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Early voting begins today

Early voting for the September 13 Constitutional Referendumpalooza begins today and runs through Tuesday, September 9. Proposition 12, the freedom-limiting and patient-endangering tool of Republican special interests, is the reason why this election is being held on a Saturday in September instead of on Election Day, when Houston’s mayoral race might have raised overall turnout to an undesireable level for its supporters.

Anyway, as you contemplate the long list of amendments that will be up for your approval or rejection, take a moment to read about the poster boy for why medical malpractice insurance rates are what they are. When doctors figure out a way to weed out bad apples like this one, then we can talk about jury awards.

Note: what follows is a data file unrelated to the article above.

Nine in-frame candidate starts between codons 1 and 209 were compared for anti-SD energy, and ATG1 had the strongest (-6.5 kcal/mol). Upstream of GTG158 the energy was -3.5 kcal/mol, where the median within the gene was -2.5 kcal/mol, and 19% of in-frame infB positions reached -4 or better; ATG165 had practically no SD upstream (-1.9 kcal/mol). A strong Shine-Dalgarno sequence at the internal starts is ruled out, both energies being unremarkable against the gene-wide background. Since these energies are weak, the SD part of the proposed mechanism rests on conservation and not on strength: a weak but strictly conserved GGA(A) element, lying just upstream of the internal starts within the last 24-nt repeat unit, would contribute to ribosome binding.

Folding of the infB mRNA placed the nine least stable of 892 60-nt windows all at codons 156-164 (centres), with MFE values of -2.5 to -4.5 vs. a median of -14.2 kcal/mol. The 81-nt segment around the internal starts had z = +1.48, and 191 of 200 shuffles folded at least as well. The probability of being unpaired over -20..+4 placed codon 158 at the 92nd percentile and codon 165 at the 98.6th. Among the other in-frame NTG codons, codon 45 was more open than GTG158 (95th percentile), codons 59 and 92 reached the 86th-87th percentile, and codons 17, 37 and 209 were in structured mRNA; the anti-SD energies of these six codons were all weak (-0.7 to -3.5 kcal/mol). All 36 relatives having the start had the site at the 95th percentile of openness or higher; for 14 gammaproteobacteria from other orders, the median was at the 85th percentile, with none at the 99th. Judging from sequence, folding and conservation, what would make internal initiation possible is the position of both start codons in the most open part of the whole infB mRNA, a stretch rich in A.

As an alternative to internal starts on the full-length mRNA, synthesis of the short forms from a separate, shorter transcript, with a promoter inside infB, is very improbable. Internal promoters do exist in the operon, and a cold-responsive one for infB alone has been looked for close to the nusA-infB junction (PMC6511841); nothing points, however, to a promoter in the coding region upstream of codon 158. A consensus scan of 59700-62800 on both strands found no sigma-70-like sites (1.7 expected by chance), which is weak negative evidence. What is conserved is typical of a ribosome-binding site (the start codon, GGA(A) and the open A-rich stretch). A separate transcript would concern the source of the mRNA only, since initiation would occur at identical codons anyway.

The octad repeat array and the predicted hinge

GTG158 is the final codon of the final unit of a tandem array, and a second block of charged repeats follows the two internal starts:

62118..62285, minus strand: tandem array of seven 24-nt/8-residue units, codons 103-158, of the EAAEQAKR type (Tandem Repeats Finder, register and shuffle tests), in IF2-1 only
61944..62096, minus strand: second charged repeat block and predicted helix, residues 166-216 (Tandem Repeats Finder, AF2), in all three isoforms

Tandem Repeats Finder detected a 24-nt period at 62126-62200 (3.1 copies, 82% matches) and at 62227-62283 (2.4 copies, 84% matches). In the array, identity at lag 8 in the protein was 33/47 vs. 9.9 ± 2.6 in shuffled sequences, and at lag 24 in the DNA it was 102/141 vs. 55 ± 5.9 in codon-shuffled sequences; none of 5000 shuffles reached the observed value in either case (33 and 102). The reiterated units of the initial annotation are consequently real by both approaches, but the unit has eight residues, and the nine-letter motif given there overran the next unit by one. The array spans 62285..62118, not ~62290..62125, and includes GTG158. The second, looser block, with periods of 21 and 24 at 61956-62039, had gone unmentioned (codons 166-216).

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  1. trish says:

    I have mixed feelings about the tort damages cap. I work in the legal field and see lots of deserving people, but tons more overly litigious ones who would not sue if there was a cap on damages. Therefore, I’m torn as to limiting the people who really deserve it, while stopping the people who have abused the system.

  2. Kyle says:

    I have yet to hear a reasonable explanation of how a cap on damages will prevent frivolous lawsuits. A cap puts a limit on the damages of people who have proved their case and shown real harm, which, in my world, is by definition not frivolous.

    Caps are a way of shifting the cost of the harm done by a tortfeasor from the negligent party to the innocent party. They are also a way to insure that plaintiffs do not get a full recovery for their economic damages (since they still have to pay their lawyers) and a way to make it uneconomical for people to bring many suits.